0

here is my code to print fibonacci series

 #include <stdio.h>
    #include <conio.h>

int main(void)
{
 long int i,firstno=1,secondno=1;

 printf("%d\n%d\n",firstno,secondno);
 for(i=0;i<8;i++){
     int temp = secondno;
      secondno = secondno+firstno;
        firstno = temp;

 printf("%d\n",firstno);
 }return 0;
 }

it works fine if i have to print say first 90 fibonacci numbers but it starts giving large garbage values if i have to print say 200000 of them? why does this happen ?how can i stop this and improve my code?

  • 3
    Because of the size of long int. – Rizier123 Dec 6 '14 at 9:08
  • you can refer to the table by TCS Web and try with unsigned long – Luzan Baral Dec 6 '14 at 9:26
  • Use %ld to print long. – potrzebie Dec 6 '14 at 9:26
4

Value you have giving to the variable that will exceed the maximum range of the long int. So this is the reason for printing the garbage value.

2

Because your variable exceeds the maximum range of the long int. So this is the reason for printing the garbage value.

See the table below for storage size and value range:

Type          | Storage size |  Value range
____________________________________________________________
char          | 1 byte       |  -128 to 127 or 0 to 255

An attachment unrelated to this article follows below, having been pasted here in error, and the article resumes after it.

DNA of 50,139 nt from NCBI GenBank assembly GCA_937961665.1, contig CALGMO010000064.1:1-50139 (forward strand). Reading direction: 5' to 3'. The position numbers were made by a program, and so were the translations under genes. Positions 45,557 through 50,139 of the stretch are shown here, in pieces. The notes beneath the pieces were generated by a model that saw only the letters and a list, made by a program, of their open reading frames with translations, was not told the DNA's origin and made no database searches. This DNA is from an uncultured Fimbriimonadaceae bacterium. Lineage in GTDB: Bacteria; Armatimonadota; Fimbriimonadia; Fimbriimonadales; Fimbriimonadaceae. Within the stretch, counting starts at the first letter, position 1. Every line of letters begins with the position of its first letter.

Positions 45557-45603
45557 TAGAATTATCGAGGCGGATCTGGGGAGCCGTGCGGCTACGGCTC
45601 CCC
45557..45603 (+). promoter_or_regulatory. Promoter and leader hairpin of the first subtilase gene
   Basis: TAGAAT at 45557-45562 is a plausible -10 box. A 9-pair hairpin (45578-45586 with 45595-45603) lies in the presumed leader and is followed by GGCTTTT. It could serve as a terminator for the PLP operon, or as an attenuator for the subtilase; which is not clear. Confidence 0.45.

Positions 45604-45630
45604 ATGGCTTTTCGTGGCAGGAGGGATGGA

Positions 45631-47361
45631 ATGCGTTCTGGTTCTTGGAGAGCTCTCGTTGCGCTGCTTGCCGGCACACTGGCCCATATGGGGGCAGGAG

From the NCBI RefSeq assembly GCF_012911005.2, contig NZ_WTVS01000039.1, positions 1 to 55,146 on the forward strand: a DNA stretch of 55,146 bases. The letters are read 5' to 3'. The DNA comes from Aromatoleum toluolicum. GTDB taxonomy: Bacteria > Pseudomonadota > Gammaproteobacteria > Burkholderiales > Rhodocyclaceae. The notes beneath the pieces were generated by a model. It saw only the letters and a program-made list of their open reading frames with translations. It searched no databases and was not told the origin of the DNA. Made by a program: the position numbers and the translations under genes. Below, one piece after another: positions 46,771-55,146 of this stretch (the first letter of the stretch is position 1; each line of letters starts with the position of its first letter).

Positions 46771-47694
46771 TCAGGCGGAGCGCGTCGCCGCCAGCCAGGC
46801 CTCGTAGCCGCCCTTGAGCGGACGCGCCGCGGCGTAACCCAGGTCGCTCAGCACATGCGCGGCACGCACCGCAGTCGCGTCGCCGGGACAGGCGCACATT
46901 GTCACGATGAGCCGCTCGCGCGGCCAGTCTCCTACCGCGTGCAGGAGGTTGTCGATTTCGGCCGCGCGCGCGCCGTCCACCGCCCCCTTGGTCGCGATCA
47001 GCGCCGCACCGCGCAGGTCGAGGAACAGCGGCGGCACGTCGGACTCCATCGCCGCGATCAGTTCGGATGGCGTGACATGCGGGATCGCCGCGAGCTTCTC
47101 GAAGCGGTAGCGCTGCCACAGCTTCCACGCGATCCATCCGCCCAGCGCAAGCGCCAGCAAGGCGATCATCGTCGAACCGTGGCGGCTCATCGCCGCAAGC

unsigned char | 1 byte       |  0 to 255
signed char   | 1 byte       |  -128 to 127
int           | 2 or 4 bytes |  -32,768 to 32,767 or -2,147,483,648 to 2,147,483,647
unsigned int  | 2 or 4 bytes |  0 to 65,535 or 0 to 4,294,967,295
short         | 2 bytes      |  -32,768 to 32,767
unsigned short| 2 bytes      |  0 to 65,535
long          | 4 bytes      |  -2,147,483,648 to 2,147,483,647
unsigned long | 4 bytes      |  0 to 4,294,967,295
1

You're hitting an overflow! A 64-bit value just isn't large enough once you reach fib(30) or thereabouts.

You need to use an arbitrary size integer library if you want to be able to produce arbitrary size output.

If you look at the answers you're getting, and you convert them into hexadecimal, you'll find that they're correct as far as they go: you've got the right lower-order bits, but the high bits are being lopped off every time an arithmetic operation overflows.

You'll be out by a multiple of 232, or whatever the size of a long int is on your platform.

  • so what do you suggest.how do i correct it?.should i use long double ? – Abhishek Sharma Dec 6 '14 at 9:20
  • No, you need to find a library to use that allows for arbitrary size integers. Even a long long is fixed size. – chiastic-security Dec 6 '14 at 9:21

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